A nuanced and insightful assessment of Latino life in America
Latino Lives in America
Making It Home
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Luis R. Fraga, John A. Garcia, Rodney E. Hero, Michael Jones-Correa, Valerie Martinez-Ebers and Gary Segura
Latinos are the largest and fastest growing ethnic group in the United States, with increased levels of political mobilization and influence. In the timely and thoroughgoing Latino Lives in America, six prominent Latino scholars explore the profound implications of Latinos’ population growth and geographic dispersion for American politics and society, tracking key changes and continuities in Latinos' attitudes, behavior, and social experiences.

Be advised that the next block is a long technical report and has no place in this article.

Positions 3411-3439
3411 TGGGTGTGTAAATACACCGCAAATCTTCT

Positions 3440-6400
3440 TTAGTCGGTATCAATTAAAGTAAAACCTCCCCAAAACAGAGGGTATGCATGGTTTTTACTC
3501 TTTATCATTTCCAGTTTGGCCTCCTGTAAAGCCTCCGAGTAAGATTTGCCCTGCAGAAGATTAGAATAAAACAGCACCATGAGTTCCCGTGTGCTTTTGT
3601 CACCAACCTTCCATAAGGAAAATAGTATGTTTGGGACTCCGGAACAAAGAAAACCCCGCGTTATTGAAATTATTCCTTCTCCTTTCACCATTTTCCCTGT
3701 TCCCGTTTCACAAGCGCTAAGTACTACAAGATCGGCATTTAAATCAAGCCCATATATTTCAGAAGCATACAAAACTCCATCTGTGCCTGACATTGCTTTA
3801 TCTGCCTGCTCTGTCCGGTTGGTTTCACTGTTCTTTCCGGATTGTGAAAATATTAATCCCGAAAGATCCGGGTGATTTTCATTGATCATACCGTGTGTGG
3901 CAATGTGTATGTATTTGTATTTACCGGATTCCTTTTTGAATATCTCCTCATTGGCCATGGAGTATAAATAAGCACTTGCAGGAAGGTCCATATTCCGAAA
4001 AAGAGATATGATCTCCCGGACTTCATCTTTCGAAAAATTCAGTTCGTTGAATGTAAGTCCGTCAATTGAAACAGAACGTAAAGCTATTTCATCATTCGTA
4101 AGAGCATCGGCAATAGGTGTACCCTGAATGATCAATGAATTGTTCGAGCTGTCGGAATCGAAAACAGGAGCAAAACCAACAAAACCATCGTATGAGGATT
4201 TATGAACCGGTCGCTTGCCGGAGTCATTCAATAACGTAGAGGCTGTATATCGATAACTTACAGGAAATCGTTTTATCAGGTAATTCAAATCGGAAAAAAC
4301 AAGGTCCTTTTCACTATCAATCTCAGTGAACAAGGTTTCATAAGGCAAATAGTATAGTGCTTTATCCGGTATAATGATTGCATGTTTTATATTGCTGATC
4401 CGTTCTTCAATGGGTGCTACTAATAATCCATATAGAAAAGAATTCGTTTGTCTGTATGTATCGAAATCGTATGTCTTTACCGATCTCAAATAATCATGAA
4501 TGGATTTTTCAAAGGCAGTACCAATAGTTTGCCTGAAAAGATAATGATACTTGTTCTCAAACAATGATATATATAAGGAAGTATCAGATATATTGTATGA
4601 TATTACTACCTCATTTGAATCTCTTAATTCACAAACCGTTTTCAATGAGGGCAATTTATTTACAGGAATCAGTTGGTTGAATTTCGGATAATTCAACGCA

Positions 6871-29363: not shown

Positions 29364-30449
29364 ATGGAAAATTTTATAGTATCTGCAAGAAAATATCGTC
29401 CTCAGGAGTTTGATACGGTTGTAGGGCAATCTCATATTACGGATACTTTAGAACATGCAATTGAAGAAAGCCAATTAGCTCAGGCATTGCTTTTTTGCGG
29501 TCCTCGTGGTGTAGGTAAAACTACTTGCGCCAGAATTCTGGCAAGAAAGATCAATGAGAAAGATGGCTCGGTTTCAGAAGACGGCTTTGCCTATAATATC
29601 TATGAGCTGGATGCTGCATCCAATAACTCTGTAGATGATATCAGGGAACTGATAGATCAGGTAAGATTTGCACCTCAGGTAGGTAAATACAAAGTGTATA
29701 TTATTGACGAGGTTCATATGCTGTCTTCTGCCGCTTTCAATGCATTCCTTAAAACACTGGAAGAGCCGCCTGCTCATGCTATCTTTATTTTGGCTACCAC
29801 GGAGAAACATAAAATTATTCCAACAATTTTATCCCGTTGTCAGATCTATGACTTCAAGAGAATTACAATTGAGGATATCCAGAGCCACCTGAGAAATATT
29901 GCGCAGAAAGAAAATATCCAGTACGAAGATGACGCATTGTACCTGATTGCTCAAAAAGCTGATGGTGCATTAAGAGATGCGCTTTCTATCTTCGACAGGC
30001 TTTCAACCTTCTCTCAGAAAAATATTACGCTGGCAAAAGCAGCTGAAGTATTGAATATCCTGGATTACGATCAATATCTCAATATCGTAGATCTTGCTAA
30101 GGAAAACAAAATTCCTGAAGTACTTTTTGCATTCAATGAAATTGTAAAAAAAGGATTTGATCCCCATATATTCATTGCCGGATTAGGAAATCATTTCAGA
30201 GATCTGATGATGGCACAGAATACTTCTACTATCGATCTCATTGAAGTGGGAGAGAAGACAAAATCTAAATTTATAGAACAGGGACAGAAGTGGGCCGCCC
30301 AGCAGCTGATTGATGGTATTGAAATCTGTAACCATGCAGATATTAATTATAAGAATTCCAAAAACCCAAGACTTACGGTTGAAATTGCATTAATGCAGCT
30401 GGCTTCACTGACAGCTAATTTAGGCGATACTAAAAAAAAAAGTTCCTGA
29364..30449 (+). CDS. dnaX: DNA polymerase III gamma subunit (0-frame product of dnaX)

Utilizing a unique set of "narratives" from focus group interviews, supplemented with quantitative findings from the 2006 Latino National Survey, the authors provide a snapshot of Latino life in America. The Latinos interviewed provide their thoughts regarding their sense of belonging and group identification, assimilation and transnationalism, housing, education, civic engagement, and perceptions of discrimination, as well as their experiences in new destinations, where they are trying to realize the “Americano” dream.
Latino Lives in America uses these conversations and the survey data to offer both a micro and macro look at how Latinos are transforming various aspects of American politics, culture, and life and how their experiences in the United States are changing them and their families.
"Long awaited and beautifully written, Latino Lives in America glitters with luminous and faceted gems into the largest non-white group in the United States. In this slim, yet definitive volume, the stories of trial, tribulation, and triumph among the Latino National Survey focus group and survey participants pop-out of the pages in Kodachrome."